Internet Explorer, being fully integrated into Windows has many security problems, and the fixes are coming too few, too late. We might have a beta test version of IE7, but it’s uncertain what will be fixed, especially as it seems Microsoft is focusing more on aesthetic improvements, rather than security and usability improvements. Tabbed browsing is going to be nice, but honestly, what does it help? And, will it only be cosmetic like Firefox’s, with all the resource hungry faults? No way to say until this summer. If you’re using XP, that is. XP service pack 2, actually. There may be a version for Windows 2000, but don’t bet on it. Now if you want to upgrade Internet Explorer, you will have to purchase a new Operating System. At $200 a pop, is it really worth it?
Firefox is, to be quite honest, much better than Internet Explorer. Unfortunately, it doesn’t do much more than Internet Exploerer. Of course, there are extensions, which are kind of interesting. The problems I’ve had with extensions, though, are more than I’d rather write about. As they are not written by the Firefox development team (at least, not the majority), you have a severe quality problem. Granted, since it’s all free, the fact that it exists is a bit of an anomoly in and of itself. Now, I’m not one to knock Open Source, though I do dislike some of the Open Source zealots, and I do believe that Firefox is one of the highest standard Open Source projects ever. But there are flaws. More and more people are complaining that spyware is now able to infect Firefox, although I’m sure the developers are going to fix it within reasonable time. But give it a try, over at www.getfirefox.com , it may not be the best (in my opinion), but I do use is from time to time. I can’t criticize a product without fully using it, that’s just dishonest.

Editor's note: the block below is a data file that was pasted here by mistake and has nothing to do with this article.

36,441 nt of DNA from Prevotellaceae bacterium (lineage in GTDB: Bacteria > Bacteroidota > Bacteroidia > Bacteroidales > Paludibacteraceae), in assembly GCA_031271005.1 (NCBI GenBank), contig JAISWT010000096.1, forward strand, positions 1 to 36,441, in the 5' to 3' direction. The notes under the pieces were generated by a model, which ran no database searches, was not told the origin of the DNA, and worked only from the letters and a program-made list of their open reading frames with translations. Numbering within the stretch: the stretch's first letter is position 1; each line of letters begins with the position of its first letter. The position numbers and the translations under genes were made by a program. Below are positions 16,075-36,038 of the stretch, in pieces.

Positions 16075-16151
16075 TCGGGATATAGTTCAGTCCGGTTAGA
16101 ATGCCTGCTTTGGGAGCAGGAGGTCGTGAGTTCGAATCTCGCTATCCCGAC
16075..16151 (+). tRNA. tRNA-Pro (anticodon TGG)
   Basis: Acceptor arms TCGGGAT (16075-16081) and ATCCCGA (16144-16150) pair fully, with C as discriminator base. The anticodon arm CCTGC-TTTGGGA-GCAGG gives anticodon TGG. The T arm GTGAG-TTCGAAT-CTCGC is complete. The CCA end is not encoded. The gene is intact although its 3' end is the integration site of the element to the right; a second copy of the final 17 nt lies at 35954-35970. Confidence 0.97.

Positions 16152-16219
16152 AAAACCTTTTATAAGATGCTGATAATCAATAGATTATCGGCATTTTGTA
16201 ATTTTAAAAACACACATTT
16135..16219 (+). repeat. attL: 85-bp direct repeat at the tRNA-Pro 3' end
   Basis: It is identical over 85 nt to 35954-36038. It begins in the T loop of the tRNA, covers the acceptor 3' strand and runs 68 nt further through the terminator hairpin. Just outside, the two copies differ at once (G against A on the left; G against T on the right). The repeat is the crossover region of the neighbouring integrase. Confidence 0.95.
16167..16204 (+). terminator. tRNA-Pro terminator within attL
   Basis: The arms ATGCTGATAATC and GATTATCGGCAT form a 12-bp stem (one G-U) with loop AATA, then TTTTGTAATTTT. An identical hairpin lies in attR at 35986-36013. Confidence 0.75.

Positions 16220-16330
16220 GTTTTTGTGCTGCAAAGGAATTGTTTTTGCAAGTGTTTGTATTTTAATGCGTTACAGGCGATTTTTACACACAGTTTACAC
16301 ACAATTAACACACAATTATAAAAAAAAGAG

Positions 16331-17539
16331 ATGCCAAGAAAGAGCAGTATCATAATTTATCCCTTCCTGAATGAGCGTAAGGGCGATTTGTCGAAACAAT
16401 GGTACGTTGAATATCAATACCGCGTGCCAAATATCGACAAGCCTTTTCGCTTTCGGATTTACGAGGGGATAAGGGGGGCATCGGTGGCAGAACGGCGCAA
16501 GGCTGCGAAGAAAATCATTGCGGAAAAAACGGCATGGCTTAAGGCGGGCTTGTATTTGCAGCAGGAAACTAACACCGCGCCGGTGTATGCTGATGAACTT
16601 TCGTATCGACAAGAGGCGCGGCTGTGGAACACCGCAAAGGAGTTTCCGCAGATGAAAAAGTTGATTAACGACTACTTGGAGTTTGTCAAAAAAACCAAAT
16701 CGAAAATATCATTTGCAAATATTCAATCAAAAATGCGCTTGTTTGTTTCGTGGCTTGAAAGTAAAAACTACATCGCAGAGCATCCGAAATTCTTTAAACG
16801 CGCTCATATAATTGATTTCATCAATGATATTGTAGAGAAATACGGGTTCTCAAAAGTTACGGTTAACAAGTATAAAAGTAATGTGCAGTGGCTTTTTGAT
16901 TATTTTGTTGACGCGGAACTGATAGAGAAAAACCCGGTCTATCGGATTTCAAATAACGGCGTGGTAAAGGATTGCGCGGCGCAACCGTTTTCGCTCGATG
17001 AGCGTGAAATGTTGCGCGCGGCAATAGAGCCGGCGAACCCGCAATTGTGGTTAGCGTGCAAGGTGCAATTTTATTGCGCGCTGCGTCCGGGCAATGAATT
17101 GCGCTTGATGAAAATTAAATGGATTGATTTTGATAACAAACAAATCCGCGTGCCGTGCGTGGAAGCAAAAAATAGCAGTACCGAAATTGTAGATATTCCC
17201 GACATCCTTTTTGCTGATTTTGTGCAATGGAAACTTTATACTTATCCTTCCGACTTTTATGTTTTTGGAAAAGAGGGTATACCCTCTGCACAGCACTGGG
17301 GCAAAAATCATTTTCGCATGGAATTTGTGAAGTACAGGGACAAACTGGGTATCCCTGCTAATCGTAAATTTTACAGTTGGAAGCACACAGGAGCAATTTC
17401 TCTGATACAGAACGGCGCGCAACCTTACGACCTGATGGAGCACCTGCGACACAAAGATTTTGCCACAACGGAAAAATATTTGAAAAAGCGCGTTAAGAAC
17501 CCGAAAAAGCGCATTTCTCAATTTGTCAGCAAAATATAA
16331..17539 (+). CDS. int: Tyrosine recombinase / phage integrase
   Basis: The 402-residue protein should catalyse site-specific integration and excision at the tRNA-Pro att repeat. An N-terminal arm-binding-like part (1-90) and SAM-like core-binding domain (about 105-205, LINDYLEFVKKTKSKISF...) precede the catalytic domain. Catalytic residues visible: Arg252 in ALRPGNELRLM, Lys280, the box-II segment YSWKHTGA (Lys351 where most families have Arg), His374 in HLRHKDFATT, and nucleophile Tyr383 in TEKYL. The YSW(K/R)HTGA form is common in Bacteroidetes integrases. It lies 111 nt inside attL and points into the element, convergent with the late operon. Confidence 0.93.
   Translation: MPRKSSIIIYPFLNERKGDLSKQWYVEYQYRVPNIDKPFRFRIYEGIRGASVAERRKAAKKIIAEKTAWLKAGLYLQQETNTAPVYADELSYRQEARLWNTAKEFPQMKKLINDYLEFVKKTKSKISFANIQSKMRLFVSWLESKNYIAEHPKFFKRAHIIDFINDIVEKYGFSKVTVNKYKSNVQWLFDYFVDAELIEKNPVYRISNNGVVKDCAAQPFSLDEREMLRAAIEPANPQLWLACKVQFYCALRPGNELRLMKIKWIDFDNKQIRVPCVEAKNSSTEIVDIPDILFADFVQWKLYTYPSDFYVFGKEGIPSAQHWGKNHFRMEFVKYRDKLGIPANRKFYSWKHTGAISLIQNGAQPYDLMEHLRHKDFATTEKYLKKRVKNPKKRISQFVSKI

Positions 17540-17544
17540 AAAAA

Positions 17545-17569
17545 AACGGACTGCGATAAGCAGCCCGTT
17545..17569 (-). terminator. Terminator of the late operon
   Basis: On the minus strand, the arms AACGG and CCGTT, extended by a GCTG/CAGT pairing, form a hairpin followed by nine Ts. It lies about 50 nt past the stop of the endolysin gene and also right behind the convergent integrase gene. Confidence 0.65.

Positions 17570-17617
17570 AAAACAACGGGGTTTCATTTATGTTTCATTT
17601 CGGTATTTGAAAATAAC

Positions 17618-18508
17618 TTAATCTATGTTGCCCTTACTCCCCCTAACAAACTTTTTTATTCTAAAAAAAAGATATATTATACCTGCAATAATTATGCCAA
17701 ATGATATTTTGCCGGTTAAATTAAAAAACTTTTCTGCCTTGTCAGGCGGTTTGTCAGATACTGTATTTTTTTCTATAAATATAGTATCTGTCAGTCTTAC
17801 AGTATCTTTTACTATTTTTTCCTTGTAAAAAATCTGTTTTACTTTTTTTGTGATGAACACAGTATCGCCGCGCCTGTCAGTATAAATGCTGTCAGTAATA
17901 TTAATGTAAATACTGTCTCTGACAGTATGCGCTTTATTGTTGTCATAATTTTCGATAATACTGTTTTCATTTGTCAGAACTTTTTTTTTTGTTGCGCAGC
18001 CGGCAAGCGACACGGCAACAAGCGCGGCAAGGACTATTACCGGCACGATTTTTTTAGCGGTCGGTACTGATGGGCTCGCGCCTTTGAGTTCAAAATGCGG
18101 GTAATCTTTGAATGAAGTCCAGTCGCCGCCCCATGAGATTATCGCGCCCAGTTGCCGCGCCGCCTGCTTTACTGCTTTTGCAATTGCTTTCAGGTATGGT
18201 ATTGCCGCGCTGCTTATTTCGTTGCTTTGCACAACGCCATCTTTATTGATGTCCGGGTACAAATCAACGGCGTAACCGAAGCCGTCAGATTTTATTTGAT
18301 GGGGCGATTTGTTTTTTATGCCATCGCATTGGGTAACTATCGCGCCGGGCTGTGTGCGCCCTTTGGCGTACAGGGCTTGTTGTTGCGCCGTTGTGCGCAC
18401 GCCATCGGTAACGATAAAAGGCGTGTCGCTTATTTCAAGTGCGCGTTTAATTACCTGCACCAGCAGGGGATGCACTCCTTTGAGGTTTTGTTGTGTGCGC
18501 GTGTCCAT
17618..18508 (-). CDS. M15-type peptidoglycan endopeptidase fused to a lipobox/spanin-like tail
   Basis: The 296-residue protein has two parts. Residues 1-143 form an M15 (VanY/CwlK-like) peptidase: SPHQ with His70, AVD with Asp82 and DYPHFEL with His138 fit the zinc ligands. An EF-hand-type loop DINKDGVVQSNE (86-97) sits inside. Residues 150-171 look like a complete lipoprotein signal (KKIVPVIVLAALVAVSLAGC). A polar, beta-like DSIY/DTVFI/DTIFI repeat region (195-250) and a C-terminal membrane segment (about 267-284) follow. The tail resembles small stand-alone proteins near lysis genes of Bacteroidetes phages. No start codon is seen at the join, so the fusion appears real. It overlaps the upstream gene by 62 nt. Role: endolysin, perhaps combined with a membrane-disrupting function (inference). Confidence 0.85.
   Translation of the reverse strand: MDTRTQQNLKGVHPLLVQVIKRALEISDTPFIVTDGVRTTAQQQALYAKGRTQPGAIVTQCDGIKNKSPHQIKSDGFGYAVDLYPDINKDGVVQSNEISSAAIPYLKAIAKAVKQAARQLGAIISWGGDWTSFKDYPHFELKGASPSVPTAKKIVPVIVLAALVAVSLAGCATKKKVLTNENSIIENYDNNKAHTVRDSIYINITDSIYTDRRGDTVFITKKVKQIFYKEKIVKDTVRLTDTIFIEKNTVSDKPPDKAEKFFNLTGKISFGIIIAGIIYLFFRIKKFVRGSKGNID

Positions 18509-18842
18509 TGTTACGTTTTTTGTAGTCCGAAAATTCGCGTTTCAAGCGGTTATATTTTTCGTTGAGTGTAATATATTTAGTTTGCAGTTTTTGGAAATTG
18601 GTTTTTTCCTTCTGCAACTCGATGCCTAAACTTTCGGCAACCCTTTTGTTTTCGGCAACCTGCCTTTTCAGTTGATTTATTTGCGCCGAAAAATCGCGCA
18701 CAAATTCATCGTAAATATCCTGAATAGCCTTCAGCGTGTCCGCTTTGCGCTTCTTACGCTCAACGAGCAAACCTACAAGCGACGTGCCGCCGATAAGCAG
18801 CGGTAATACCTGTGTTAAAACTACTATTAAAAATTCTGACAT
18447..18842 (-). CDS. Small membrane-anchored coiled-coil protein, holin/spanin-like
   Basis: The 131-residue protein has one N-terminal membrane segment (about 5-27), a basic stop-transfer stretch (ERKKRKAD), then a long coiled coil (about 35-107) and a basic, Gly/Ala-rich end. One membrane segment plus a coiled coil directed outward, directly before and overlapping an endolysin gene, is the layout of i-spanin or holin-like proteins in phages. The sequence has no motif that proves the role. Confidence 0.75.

Then you have us “full internet suite” types. Now, if you were to look at my browser, you’d see what is entirely important to me. I have a clock next to my address bar, because to me, that is a very logical place, and I’m terrible with time, especially when I’m on the computer. I don’t like wearing a watch while I type, and having to look all the way down to the right corner of my monitor every few minutes is very disruptive. Also, when it comes to email, my main means of correspondence, you’ll see that I have all the tools I need to use email right next to the clock. With the click of a button, I can check my mail, or send an email. I don’t like animated pictures, or flash, so I have them disabled, yet whenever I come to a site which I’ll need one or both of these features (Fark.com’s photoshop contests, for example), I can hit F12, pull up a menu, and turn them on. And the security is to die for. I don’t have spyware problems, I have never gotten an email virus, and it is always obvious when I’m on a secure page. And, finally, I like what my friends call “brain surgeon” mode. All of my pages come up at 90% zoom. And here’s the innovative part, it doesn’t just zoom text, but all the images also. A feature to die for. It’s worth $40, it has everything Firefox has (through extensions) already implemented and fully integrated. I’d say give it a try, you might be glad you did. Even if their “mascot” is a bit silly.Powered by Sidelines